8.  1984 ARRIVED WHILE THE PRESS AND POPULACE SLEPT

On March 9, 1984, NEW YORK TIMES columnist William Safire happily reported that Reagan's sweeping new censorship law, NSDD-84, had been temporarily withdrawn due to too much Congressional opposition to the use of lie detectors and lifelong censorship requirements.

Throughout the rest of 1984, the NEW YORK TIMES and the WASHINGTON POST printed articles that alternately praised Congress for resisting a deplorable attempt to gag American citizens with prior restraint and chiding the Reagan administration for its ill-advised attempts to deprive federal employees of their constitutional rights.

As late as December 28, 1984, the TIMES would report "Under pressure, the Reagan Administration has withdrawn National Security Directive 84 ...".

Unfortunately, the information was inaccurate and the celebration was premature.

When the 98th Congress adjourned in October, 1984, the Reagan administration bas successfully put in force the largest censoring apparatus ever known in the United States.

Now, for the first time, more than three and a half million federal employees in the 12 largest federal agencies are required to submit their speeches, articles, and books for pre-publication review by their superiors for the rest of their lives.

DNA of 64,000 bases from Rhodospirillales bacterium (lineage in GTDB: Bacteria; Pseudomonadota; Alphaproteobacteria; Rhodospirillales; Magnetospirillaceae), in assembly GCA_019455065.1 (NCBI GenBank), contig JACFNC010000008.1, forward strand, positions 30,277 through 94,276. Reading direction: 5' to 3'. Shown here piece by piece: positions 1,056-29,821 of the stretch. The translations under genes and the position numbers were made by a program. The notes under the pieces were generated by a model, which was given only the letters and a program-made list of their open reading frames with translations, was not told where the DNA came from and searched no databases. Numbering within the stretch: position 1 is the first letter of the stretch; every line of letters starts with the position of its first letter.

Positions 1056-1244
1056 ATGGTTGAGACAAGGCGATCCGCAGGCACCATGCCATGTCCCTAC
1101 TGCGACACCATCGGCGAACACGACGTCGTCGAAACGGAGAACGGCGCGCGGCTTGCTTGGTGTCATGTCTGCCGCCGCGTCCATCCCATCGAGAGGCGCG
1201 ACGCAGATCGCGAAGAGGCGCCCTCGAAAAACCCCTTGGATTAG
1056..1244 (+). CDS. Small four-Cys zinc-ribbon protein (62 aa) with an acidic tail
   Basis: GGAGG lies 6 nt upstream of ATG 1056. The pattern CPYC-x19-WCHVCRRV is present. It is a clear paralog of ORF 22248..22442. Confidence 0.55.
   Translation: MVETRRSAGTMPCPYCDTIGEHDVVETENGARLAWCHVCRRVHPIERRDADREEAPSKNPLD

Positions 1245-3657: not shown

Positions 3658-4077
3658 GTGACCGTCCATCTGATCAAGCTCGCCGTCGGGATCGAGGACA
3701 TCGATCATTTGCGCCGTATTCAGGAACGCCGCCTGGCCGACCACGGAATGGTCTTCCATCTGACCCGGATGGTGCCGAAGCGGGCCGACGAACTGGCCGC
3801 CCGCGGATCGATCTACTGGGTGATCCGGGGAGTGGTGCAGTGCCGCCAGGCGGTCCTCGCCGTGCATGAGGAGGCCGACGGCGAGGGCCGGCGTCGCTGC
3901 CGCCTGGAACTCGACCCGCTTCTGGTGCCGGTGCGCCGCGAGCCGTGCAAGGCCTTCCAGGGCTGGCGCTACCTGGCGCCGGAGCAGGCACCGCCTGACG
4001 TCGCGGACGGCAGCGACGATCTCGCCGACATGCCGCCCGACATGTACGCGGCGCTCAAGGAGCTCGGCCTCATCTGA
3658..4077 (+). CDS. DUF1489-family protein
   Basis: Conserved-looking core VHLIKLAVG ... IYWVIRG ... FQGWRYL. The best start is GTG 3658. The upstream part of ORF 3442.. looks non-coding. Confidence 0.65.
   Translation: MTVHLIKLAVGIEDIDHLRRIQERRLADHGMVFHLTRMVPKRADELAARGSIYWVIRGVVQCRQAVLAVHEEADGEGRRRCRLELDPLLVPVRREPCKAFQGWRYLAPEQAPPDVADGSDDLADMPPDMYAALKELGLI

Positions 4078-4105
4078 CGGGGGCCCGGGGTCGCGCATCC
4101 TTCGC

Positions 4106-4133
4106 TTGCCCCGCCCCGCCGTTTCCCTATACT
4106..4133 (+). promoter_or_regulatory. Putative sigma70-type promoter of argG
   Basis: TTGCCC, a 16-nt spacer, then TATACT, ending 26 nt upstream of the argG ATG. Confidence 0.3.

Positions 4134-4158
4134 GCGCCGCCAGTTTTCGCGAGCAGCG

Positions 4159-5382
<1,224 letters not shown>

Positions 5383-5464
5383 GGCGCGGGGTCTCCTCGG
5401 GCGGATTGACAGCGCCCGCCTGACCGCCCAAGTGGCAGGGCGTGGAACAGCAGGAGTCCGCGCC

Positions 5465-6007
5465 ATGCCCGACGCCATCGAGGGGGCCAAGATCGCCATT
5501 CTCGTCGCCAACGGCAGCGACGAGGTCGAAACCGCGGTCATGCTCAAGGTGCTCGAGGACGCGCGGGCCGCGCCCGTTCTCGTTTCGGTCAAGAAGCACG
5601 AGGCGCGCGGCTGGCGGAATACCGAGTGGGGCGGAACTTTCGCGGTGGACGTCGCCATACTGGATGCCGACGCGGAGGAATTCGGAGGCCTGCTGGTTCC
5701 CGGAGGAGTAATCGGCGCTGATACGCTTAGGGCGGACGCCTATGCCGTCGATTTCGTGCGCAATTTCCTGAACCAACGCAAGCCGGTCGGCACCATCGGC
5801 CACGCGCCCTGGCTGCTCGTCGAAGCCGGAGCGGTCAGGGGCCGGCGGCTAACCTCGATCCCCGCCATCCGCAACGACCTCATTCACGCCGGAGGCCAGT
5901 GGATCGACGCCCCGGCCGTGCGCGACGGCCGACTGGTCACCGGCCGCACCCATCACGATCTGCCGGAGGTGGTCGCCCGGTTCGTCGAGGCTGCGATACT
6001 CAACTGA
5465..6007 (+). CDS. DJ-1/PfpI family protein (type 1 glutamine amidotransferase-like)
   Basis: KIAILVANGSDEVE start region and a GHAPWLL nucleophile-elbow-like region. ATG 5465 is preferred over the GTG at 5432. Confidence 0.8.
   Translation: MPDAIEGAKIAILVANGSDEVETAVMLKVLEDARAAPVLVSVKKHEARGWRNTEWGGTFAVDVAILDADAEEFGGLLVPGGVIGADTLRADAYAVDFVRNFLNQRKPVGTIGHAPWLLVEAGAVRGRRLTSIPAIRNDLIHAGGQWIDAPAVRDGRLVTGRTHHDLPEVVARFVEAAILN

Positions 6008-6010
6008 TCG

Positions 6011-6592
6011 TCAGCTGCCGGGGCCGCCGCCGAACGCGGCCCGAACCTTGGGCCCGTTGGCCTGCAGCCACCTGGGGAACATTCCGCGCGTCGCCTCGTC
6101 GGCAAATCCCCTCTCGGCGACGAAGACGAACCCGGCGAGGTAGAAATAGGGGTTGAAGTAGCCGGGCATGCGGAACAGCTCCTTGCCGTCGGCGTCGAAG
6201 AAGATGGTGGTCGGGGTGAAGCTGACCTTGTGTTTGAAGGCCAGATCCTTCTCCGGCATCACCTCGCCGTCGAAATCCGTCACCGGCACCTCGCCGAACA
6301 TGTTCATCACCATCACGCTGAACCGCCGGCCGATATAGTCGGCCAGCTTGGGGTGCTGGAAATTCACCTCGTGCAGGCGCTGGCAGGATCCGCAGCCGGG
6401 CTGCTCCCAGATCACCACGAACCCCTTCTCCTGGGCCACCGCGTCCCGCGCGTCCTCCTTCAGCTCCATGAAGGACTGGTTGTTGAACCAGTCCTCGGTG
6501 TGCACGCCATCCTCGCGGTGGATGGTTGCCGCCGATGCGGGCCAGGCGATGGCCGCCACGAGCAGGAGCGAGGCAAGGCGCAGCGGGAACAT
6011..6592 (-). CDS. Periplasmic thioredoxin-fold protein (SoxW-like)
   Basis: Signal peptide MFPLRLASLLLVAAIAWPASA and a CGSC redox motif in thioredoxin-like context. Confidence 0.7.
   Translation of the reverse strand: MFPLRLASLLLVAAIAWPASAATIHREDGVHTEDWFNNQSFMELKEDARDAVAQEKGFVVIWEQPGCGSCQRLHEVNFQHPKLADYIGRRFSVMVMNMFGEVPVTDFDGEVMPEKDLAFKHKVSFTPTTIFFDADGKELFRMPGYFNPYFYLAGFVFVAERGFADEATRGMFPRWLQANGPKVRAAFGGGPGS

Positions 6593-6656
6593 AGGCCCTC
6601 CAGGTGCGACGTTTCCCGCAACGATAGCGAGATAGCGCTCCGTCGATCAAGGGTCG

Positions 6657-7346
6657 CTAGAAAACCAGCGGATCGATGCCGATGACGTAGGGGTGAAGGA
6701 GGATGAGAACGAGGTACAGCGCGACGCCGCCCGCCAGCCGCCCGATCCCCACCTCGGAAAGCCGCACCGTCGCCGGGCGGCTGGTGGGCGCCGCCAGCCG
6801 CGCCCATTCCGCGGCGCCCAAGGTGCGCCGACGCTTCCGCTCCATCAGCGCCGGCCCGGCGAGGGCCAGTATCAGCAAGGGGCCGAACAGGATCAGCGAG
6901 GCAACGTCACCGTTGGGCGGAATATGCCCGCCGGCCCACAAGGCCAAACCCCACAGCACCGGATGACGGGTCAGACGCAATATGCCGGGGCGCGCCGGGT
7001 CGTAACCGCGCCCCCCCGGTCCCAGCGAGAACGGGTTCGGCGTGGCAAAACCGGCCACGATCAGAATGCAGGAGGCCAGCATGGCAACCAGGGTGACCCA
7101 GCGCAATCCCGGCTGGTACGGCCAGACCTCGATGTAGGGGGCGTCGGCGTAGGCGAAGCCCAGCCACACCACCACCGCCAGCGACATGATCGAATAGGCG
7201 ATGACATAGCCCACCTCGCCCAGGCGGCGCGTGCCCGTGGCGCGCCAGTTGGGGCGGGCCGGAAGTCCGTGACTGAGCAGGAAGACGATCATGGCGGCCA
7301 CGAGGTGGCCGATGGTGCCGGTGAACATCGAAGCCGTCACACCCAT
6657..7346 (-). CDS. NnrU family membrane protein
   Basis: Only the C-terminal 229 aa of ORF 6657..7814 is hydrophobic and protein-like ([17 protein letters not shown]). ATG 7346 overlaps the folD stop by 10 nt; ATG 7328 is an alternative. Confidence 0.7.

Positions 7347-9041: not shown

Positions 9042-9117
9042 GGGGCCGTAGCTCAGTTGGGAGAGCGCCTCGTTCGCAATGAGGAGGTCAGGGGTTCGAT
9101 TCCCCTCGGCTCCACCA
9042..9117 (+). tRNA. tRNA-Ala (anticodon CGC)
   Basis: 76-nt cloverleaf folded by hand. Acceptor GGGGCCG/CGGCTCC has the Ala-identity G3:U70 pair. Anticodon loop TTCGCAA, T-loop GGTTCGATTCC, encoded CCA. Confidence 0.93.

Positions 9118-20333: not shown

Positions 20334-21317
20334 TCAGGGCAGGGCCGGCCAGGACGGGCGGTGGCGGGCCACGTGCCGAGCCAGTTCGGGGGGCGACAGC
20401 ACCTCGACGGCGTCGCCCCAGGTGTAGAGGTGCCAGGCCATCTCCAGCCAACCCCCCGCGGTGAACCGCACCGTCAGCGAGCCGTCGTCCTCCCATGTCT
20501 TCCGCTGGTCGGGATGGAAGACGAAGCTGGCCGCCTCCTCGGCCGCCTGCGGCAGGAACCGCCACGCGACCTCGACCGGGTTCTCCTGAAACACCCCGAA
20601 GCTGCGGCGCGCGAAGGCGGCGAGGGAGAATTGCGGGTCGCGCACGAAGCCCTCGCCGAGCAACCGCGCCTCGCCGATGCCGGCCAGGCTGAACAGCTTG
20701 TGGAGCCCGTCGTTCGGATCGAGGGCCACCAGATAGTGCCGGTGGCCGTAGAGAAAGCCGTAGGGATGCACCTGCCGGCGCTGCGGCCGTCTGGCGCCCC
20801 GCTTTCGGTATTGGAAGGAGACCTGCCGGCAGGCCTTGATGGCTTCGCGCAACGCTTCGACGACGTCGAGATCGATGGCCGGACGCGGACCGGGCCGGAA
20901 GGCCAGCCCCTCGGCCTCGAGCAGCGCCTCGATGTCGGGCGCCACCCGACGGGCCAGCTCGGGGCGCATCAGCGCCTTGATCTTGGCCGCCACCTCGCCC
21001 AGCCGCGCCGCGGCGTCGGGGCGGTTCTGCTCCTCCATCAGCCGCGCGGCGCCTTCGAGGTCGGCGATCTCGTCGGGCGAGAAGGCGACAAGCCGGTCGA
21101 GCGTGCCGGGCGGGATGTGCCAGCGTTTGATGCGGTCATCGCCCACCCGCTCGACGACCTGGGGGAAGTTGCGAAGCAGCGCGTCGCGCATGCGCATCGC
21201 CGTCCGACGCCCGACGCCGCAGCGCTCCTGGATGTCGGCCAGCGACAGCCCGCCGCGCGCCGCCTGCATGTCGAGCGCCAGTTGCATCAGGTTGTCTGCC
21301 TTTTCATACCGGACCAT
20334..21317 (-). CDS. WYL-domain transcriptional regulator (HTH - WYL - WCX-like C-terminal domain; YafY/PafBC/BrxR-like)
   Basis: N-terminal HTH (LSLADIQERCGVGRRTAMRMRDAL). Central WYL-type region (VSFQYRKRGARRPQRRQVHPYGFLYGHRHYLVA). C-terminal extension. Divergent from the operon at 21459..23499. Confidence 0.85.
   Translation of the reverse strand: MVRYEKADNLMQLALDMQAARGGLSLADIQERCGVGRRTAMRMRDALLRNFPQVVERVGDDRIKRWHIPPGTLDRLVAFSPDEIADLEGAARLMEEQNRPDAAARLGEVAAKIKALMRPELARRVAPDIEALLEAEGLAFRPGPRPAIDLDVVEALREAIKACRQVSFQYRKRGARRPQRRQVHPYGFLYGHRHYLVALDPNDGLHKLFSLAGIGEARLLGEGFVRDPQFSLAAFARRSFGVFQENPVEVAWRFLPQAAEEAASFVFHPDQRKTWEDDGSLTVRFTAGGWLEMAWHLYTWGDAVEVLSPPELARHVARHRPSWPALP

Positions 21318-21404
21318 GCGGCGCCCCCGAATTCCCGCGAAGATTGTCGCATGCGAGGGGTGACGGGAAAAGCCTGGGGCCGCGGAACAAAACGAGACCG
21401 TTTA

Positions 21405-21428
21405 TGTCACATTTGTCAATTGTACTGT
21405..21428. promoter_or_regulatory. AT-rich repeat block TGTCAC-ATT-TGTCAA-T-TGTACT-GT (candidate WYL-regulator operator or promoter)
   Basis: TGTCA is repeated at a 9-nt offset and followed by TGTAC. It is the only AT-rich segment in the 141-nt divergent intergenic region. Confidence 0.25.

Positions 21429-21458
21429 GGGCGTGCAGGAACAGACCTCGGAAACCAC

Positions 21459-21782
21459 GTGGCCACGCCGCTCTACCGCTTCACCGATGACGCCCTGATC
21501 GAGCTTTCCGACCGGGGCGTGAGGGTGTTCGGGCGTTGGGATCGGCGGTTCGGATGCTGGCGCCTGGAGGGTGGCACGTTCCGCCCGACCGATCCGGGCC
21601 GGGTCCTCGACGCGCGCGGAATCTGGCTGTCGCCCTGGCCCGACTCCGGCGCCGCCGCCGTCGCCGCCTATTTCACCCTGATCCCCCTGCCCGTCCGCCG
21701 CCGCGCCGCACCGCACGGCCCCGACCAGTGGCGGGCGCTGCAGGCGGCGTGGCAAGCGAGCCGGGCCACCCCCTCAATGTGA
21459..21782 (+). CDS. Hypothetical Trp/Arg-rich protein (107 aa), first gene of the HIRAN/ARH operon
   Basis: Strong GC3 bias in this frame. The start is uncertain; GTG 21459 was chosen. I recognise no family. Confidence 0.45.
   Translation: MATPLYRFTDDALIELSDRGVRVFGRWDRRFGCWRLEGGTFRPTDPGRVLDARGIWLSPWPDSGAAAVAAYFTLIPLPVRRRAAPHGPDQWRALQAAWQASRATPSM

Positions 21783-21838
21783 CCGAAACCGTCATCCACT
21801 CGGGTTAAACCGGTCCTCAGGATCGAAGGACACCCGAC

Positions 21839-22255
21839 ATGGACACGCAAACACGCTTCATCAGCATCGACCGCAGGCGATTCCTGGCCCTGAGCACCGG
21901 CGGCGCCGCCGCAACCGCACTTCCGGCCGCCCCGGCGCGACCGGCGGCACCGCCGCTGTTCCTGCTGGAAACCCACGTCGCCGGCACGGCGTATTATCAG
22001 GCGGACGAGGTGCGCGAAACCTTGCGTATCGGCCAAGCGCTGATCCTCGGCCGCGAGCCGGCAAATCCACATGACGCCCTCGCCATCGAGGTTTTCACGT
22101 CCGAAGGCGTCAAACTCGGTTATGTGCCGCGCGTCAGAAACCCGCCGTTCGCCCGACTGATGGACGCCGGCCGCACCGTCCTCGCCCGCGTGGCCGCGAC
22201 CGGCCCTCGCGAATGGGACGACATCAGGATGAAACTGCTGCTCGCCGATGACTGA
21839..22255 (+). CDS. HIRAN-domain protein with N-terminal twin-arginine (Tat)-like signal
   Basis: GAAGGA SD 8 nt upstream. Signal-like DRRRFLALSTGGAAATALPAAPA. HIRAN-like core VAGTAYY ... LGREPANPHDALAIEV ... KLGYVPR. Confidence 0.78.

While columnists debated the "relative" veracity of George Orwell's dark predictions for 1984, Ronald Reagan seized the initiative, tore up the Bill of Rights, and flushed it down the toilet with an audacity that would have flabbergasted Orwell. And the press missed the story.

In yet another typically Orwellian twist, also unheralded by the press, the American Civil Liberties Union joined Barry Goldwater and the CIA in pushing for passage of HR 5164, a Congressional measure designed to free the CIA from the troublesome intrusions of the Freedom of Information Act.

Further, while there is increasing solid scientific evidence proving the unreliability of lie detector tests, the Pentagon is expanding and enforcing its use of them. Commenting on Pentagon lie detector tests, Texas Congressman Jack Brooks said: "a coin toss would be more accurate ... use of polygraphs may create a false sense of security and actually weaken our defense." Nonetheless, Defense Department use of lie detector tests has grown steadily in recent years -- from 12,904 in 1980 to 21,000 in 1983, the latest year for which figures were available.

SOURCES:

BILL OF RIGHTS JOURNAL, December 1984, "They've Got A Secret," by Angus Mackenzie, pp 25-229; MEDIAFILE, November 1984, "CIA, Congress Draw FOIA Curtain," by Angus Mackenzie; EDITOR & PUBLISHER, 1/19/85, "Pentagon Use of Lie-Detector Tests Grows;" NEW YORK TIMES, 12/28/84, "Censorship of Its Employees Would Harm Government," by Thomas Ehrlich.